The Short Version: Every year, the prestigious Elysian Prize committee must select a short list and winning novel from hundreds of submissions. Malcolm Craig, the chair of the 2013 committee, must wrangle his quirky group of judges into choosing a winning book while various hopeful novelists wait in anticipation and make a hash of their personal lives in the process.
The Review: The cover for this book makes me laugh every time I look at it, because I always think, for a split second, that the round gold seal is in fact an award seal. Clever graphic design that immediately makes you chuckle and sets up the expectation for what’s coming – and it’s good to set up a sense of humor, as St. Aubyn’s most well–known work was not exactly laugh out loud. That’s not to say that The Patrick Melrose Novels don’t have a good amount of humor in them – it’s just that the point isn’t the humor, rather the beautifully awful life of this family. Lost for Words, on the other hand, is meant to bring the funny. Lots of folks have described it as Wodehousian and it, in fact, won the Wodehouse Prize last year. Having never actually read any Wodehouse (although I’ve read some pastiches), I can’t speak to the Wodehousian nature of the text – I can only say that I found it delightfully fun and funny.
Paying attention to arbitrary literary prizes is, of course, something that we book-types enjoy doing. I complained about the Pulitzer this year, was pleasantly surprised by the NBA the last two years, and am a devout follower of the Tournament of Books – and the list goes on. Awards are ridiculous and important at the same time – it’s just that we sometimes overlook the ridiculous part, which St. Aubyn seems hellbent on illuminating here. His Elysian Prize seems to be a riff on the Man Booker Prize (best Commonwealth novel) and it’s funny to think that the Booker, one of the four most prestigious literary awards, could be decided in such a way as the Elysian is decided here… and yet, that’s more likely than not exactly what has happened.
Okay, maybe not exactly. St. Aubyn’s version is a little too satirical for life (I hope) – it’s unlikely, for example, that the cookbook would ever be seriously considered and the five panelists all have a larger-than-life Hilarious Quirk or two. But the horsetrading and backroom decision-making absolutely happens in real life. I mean, how often have you said “really, that’s what won?” and later heard on some blog that it was because votes were split and so the consensus pick won instead of the actual best work? It happens not just in books but with film awards and music awards and probably most awards in general. Awards are weird and while the platonic ideal of altruistically choosing the most worthy work will always exist, I’m not sure it’ll ever really happen in reality.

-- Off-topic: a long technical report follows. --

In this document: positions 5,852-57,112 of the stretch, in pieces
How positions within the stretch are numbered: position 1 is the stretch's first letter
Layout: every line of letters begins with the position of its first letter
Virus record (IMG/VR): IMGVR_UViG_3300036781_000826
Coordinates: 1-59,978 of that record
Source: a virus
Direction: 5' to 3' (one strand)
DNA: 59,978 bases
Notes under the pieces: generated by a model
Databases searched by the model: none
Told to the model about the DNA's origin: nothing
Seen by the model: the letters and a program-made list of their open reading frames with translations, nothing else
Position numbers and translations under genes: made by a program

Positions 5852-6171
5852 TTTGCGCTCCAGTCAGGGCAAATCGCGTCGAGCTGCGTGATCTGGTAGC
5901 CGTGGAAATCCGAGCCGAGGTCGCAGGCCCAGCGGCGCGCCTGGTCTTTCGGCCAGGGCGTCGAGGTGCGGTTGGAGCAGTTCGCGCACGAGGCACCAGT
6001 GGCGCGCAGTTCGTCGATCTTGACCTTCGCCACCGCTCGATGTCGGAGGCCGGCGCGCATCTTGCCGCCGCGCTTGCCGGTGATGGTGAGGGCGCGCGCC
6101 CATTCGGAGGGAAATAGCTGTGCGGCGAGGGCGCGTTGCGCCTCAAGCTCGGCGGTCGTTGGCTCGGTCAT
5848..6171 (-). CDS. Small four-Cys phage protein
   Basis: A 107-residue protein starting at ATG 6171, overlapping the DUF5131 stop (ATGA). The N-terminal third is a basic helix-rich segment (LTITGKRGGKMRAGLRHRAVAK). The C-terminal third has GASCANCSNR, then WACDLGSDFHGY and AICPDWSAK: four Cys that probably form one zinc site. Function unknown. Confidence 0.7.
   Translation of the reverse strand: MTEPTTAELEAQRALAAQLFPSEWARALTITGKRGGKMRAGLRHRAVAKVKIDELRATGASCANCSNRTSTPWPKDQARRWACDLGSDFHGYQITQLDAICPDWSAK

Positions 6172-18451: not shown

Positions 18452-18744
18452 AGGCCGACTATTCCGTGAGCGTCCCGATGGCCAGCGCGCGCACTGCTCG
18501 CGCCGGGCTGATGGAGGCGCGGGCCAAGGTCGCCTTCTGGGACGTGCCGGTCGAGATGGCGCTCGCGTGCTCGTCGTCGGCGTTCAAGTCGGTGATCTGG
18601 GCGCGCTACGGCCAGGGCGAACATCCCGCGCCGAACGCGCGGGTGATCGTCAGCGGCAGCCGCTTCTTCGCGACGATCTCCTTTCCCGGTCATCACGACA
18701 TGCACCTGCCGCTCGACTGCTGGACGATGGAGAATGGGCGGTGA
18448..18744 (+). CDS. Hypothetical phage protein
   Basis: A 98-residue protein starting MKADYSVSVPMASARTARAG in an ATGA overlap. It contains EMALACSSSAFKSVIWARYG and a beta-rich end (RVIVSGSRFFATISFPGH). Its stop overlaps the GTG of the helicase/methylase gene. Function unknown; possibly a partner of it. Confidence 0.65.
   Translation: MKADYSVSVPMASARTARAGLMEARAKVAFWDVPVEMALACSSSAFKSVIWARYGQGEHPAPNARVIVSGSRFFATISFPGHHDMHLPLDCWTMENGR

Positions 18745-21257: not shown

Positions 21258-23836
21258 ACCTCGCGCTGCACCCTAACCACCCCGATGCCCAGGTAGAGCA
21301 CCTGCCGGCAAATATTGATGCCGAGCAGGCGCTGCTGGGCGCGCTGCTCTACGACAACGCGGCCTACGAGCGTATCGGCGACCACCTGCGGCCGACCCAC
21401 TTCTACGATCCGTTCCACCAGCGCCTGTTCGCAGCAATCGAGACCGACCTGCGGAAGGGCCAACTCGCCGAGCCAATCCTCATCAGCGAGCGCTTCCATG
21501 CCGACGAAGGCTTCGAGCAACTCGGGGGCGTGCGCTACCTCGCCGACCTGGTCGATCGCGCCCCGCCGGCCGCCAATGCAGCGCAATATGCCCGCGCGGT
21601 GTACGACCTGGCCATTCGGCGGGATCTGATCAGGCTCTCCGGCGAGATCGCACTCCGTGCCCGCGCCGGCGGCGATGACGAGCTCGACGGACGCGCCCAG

Speaking of reality, it was interesting to see St. Aubyn writing about writers. There are, of course, plenty of mocking sendups here as well – the delusional author who thinks his work is the best thing ever, the tormented author who is uncomfortable with success, the critically successful author who ends up also being a tabloid fixture – but he subverts them carefully and with real care. The latter, in the form of Katherine Burns, is not quite like any fictional writer I’ve seen. Usually, it’s the male character who is the “serial heartbreaker” but St. Aubyn blessedly flips the script and never comments on it. Katherine just is this character and her reasoning, her rationale, her behavior all seems pretty understandable. St. Aubyn does nearly fall into the trap of explaining-it-all-away with a psychological thing, but it doesn’t undercut Katherine’s humanity when he does so.
The book dissolves into the British equivalent of a French farce at the end, with characters rushing towards one moment or another and thrown together by fate or on purpose – and the ultimately happy ending feels a little unexpected, based on the author, but it isn’t a bad ending. On the contrary, the ending is pretty much the only ending that we could’ve had in a novel sending up literary prizes. You’ll see what I mean when you get there.
Rating: 4 out of 5. I needed something light and funny and St. Aubyn’s novel delivered in spades. His sharp, acerbic writing is still on display here – but he’s not taking things as seriously as he did in the Patrick Melrose novels. Instead, he’s having fun with the literary establishment in general and reminding everyone that, at the end of the day, we’re all just in the art business. We aren’t curing cancer or discovering a way to reverse climate change – and, as such, we can afford to be a little less serious now and again. If you like the literary scene and want a laugh, I can’t think of a more perfect book than this – even if, in the end, it might be little more than a comic footnote in an author’s more serious literary canon.